There are however opportunities to visit CPC camp properties as a family. Watch for registration to open for Labor Day and Memorial Day Family Camps – siblings are welcome!

Some day camps offer daycare in the form of a “Tot Lot” or “Junior Camper” program. These are intended for siblings of parents that are volunteering to be at camp with their Scout and have no other resources available. The leader guide for each individual camp will give you more details on the program and how to register.

Individual Scouts may join another unit for the camp session, but they MUST make a separate reservation under their own unit number. Indicate unit numbers on both reservations so the camp can match the Scouts up in the same campsite.

Scout troops traveling more than four hours, or those with religious conflicts may arrive one night early at 6:00pm (or Monday 7:00 am). Early arrivals pay a $25.00 camping fee per troop; no discounts apply. Saturday arrivals are not permitted on Monday-start weeks. Early arrival troops must bring their own food and cooking supplies and have sufficient activities to keep Scouts occupied as all program areas are closed.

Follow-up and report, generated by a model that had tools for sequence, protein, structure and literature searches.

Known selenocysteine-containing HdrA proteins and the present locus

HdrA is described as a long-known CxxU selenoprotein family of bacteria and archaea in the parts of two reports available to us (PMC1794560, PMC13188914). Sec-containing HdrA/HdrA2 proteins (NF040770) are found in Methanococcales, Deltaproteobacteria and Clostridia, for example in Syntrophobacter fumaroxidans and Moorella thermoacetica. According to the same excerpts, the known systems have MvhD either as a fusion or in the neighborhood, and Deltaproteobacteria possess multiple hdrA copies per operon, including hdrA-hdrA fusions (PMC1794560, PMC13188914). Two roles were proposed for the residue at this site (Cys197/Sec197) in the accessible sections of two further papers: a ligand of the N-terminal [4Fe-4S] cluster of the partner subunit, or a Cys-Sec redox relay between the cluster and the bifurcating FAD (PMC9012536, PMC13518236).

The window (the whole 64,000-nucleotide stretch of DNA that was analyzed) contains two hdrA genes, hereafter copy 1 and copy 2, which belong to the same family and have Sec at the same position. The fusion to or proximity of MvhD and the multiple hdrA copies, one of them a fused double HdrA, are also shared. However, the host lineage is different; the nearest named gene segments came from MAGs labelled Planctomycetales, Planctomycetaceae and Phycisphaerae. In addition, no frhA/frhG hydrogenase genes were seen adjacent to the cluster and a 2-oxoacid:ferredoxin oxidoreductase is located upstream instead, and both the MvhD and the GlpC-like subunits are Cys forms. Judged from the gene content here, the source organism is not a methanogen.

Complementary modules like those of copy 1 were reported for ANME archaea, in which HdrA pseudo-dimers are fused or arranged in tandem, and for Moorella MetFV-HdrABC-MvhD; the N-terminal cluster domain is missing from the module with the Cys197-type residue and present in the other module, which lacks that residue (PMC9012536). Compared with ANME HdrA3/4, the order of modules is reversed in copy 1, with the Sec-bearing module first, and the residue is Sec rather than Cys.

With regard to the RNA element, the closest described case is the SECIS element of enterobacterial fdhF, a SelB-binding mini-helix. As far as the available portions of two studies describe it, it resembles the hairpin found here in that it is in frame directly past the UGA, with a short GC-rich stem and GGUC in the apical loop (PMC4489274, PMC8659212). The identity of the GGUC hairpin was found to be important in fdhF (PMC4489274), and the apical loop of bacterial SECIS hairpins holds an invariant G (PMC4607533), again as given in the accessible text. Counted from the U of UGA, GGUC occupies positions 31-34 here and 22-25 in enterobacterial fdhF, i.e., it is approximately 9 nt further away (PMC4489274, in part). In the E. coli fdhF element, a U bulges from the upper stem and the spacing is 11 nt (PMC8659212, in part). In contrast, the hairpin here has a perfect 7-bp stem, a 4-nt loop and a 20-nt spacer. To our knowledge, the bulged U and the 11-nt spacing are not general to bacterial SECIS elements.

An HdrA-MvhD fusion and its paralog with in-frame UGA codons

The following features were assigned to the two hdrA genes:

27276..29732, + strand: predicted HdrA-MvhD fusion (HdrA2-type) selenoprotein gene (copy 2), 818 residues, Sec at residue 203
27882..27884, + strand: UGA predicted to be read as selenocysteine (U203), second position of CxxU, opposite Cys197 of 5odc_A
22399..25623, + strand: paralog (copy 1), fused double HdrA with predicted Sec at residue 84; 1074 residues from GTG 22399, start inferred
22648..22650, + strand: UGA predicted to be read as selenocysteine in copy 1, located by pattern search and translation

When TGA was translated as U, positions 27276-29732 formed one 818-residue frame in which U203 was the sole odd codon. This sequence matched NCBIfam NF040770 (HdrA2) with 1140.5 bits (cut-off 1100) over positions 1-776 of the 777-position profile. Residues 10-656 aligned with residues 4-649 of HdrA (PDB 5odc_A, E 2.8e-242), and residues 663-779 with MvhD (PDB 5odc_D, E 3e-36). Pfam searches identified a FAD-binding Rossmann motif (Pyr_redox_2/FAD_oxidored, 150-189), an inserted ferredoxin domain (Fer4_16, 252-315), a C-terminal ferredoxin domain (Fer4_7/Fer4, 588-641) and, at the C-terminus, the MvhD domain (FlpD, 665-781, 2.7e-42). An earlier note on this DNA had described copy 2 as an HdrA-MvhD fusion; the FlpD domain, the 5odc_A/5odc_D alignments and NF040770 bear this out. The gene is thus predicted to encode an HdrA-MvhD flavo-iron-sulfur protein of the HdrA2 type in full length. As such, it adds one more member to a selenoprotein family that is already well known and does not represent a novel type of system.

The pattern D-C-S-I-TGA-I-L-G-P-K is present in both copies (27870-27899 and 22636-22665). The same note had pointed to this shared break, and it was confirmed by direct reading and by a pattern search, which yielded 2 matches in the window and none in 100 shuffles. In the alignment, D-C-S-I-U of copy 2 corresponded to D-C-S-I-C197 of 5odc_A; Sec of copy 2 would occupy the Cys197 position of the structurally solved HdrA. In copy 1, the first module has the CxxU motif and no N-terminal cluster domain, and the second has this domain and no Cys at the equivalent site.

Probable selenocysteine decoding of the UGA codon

Yes. Please arrive at 7:00 am on Monday morning. Email the Camping Department at 492.camping@cpcbsa.org so that a note can be added to your reservation. It is advisable to have Scouts eat breakfast prior to arrival, so they can get to activities quickly once they are at camp.

The schedule is modified to offer all camp tours, swim checks, and move-in activities Monday morning. Camp then goes on as normal. Check the Leader Guide for more details. You may also attend pre-camp meetings to get more information directly from the camp director.